I flip the calendar. Nothing earth-shaking, but I realize the annual “Teacher Appreciation Week” in late spring was another nice practice eliminated by COVID-19.
Nevertheless, though long retired, I recall many thoughtful gestures from students and their parents. Reflection continues.
I laugh aloud at one memory. Did this really happen?
I’m going to recall it here as a tribute to my wonderful former colleagues — and all high school teachers who have ever done goofy things for the cause of “school spirit.” Or will do again one day.
Spirit Week at Uni High! A different shenanigan a day. Pajama Day, School Colors Day, Beach Day, Twin Day.
Latin teacher Magistra Frances Newman approached.
“Rosemary,” she said. “I have the same duck-patterned blouse you do. I’ve just never worn it to school. Let’s go as twins!”
Frances believed in participation to the max. She ran a very popular annual Coliseum Games to raise money during Charity X-Week. She herself “drove” one of the cardboard “chariots” pulled by students.
She’d change into sweats, buckle on a helmet, and board a repurposed refrigerator box pulled by a hefty upperclassman. She’d yell something like, “Ad finem! Vox victoriae! Currite, currite, equi!” (“To the end! The voice of victory! Run, run, horses!”)
We agreed to wear the twin duck blouses with brown straight skirts. Frances added, “We ought to DO something entertaining — like a song-and-dance routine for our classes.”
She proposed a vaudevillian grapevine step while singing “Side by Side” in English and Latin, miming lifted top hats at the end. Delightfully silly. I agreed.
On Friday morning, I went to Frances’ office. Our jaws dropped. We were wearing different blouses! I had thought she meant my L.L. Bean dark-green cotton blouse with stylized decoy ducks. But she was wearing a silky paisley pattern with fine-line ducks in flight. Yes, I had that one, but I thought of the other as my “duck blouse.” I’d never seen Frances in the paisley one.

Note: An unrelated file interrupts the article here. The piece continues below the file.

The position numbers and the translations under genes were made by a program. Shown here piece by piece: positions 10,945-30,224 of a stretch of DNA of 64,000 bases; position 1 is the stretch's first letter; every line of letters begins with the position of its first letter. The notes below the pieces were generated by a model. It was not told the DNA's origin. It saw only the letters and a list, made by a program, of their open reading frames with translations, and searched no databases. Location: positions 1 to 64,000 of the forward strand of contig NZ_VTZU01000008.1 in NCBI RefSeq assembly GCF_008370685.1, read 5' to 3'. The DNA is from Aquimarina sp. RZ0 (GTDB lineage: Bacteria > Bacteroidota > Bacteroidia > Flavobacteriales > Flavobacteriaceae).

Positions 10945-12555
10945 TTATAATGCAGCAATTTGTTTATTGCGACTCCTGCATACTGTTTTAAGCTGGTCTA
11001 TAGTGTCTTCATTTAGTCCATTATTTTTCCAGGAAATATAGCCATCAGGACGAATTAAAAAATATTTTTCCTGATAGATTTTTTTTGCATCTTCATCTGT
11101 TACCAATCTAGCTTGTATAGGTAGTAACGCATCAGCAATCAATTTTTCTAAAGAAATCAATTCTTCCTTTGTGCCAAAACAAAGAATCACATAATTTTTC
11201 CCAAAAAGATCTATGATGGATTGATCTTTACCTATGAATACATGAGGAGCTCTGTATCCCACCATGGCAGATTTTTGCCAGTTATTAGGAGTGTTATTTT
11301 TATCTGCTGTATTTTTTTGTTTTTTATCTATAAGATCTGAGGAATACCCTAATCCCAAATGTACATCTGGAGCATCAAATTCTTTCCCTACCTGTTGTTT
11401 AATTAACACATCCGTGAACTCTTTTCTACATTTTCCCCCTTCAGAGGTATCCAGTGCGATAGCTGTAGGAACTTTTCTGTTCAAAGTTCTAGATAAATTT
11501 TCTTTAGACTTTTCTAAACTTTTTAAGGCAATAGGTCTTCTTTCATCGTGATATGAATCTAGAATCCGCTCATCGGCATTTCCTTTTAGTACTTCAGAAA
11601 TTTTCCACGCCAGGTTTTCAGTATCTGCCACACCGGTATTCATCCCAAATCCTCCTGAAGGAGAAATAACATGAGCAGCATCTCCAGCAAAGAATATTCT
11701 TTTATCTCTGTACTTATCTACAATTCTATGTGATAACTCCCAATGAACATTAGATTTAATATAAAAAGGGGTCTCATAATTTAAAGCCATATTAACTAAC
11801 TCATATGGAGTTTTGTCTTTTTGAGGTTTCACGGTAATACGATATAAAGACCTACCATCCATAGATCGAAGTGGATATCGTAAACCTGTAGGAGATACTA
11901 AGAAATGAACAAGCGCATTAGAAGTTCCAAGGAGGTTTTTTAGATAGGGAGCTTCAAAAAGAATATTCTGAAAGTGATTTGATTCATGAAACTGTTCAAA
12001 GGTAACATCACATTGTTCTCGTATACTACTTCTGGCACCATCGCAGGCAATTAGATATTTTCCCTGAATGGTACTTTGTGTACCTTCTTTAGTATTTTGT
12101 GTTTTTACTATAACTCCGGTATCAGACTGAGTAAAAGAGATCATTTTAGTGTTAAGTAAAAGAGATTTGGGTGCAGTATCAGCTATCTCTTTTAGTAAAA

We laughed madly. We groaned. “What can we do?”
Obviously, I was the one who had to change. My schedule allowed me time to drive home and switch to the paisley. But, I had dropped my car off for servicing and taken the bus from there to school.
I hustled to the English office and asked my colleague Dorothy to drive me.
“I can’t,” she replied. “I’m off to class. But use my car.”
I had been in her car before, a tidy, compact Ford.
“Anything I should know about it?” I asked as she handed me the keys.
“Nope. It’s automatic,” she said. “Anybody can drive an automatic.”
I was soon behind the wheel. A few minutes later, I pulled into my driveway.
What the —? I couldn’t switch off the ignition! The key simply wouldn’t turn. Totally puzzled, I tried other gears, but to no effect.
Well! At least the car was safe while I ran in and changed to the paisley duck blouse.
I worried about what to do when back at school. I recalled our German teacher, Herr W., amusing us with stories about his Yugo, which ran well but wouldn’t shut down — a cheap new foreign car. But, for heaven’s sake, this was a Ford!
I desperately willed for somebody I could trust to come into the Springfield Avenue parking lot and stay with the car till I got help. Nobody came. I heard the bell ring. I left the motor running and timed a dash to the English office.
It worked. I grabbed Dorothy and explained.
“Oh,” she said. “Sorry, I didn’t think to tell you. You have to put your foot on the brake before you can shut off the ignition.”
Amazingly, I hadn’t done that in my agitation and gear-changing flurry. Driving a stick-shift car myself, I was unaware of new car-safety features.
Frances now grabbed me. “Move! We can do it!” We raced off.
We pulled off our soft-shoe routine in English and Latin. Frances really hammed it up. The students laughed and clapped.
We paraded in the gym at noon with all the other “twins.” We didn’t win a prize.
I thought of Ford’s then-current ad slogan: “Ford Finds a Better Idea First.” Maybe. But that didn’t guarantee that the driver of an old car would “automatically” know how they carried it out.
However, I wasn’t complaining.
“Finis Bona.” — “All’s well that ends well.”